UPDATED: Rockefeller Bill Fails, Survives Through Executive Order

In an April 27 story about the possibility of a special legislative session, I included discussion by state Sen. Phil Rockefeller, D-Bainbridge Island, who was the one legislator who had something specific he hoped would be part of the session:

One locally authored bill that could be heard again is Bainbridge Island Democratic Sen. Phil Rockefeller’s bill, Senate Bill 5735, dealing with greenhouse gases. That bill was scheduled for a floor vote Sunday night, but budget-related bills took precedence. “The clock just ran out,” Rockefeller said.

Since it is a bill the governor wanted, however, there is a good chance it will be one of the few to be considered again.

Rockefeller said he spoke with Senate Majority Leader Lisa Brown about the measure.

“I’ve made my wishes known,” he said. “I believe that bill is important and important to the citizens of our state. We did have the votes for it so I’d like to see it have its day.”

Well, as you know, there was no special session, but Rockefeller got what he wanted anyway when Gov. Chris Gregoire signed an executive order on climate change.

In fact, there’s more in the executive order than there was in the bill that didn’t get a vote. State Rep. Larry Seaquist, D-Gig Harbor, sent an e-mail saying these were the items in the order that were not in the bill:

  • Developing emission benchmarks by industry sector
  • A low-carbon fuel standard
  • Working with cities and counties on adapting to sea-level rise resulting from climate change
  • Working with public agencies on changes in water resources likely to result from climate change
  • Working with public and private entities on potential changes to the vehicle-miles-travelled benchmarks.

By request, here is a copy (Download PDF) of the executive order. I don’t know if we made it available elsewhere, but in case we didn’t I thought I’d provide it.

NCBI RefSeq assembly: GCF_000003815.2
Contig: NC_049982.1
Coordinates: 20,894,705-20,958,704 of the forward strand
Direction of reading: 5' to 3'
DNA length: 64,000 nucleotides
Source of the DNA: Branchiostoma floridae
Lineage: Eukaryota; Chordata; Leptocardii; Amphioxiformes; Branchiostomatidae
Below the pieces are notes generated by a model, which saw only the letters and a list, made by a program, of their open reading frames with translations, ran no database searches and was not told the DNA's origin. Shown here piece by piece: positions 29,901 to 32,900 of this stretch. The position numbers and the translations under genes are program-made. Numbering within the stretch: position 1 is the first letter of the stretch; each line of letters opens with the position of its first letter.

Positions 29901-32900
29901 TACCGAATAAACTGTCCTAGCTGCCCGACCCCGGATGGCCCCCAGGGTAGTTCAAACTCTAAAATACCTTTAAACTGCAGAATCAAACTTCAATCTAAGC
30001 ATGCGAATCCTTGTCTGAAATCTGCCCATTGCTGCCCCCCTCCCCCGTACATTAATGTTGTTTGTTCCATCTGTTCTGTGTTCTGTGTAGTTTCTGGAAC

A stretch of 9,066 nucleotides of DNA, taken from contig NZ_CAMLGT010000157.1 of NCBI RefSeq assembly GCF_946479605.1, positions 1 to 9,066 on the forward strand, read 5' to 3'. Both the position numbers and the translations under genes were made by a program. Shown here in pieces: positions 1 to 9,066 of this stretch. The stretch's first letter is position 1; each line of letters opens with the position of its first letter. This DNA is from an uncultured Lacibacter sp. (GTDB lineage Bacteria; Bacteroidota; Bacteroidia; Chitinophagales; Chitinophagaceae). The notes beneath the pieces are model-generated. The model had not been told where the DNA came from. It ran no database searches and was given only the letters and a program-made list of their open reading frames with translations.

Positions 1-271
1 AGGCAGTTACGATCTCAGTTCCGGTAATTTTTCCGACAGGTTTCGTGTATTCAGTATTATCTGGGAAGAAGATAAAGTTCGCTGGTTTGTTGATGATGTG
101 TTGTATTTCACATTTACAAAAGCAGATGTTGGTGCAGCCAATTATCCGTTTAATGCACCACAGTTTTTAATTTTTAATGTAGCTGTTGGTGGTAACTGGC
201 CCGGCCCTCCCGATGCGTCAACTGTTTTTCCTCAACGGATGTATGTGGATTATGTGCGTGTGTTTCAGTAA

UPDATED: I’ve been getting e-mails from the Washington Policy Center for months and the first two times I’m referencing the organization are yesterday and today. Moments after I posted this entry, I received an e-mail from WPC for a blog entry calling into question whether the governor’s executive has any force in law. From the blog:

In 1991 the Attorney General’s office issued an opinion, AGO 1991 No. 12, regarding the use of Executive Order that, in part, concluded:

“The legislative authority of the State of Washington is vested in the Legislature.  In absence of a statute or constitutional provision that serves as a source of authority authorizing the Governor to act, the Governor cannot create obligations, responsibilities, conditions or processes having the force and effect of law by the issuance of an executive order.”

In light of the AGO from 1991, perhaps the Legislature,  which chose not to implement similar policies during the past legislative session, will want to ask the current Attorney General to review Executive Order 09-05 to ensure that the Governor has not exceeded her legal authority.

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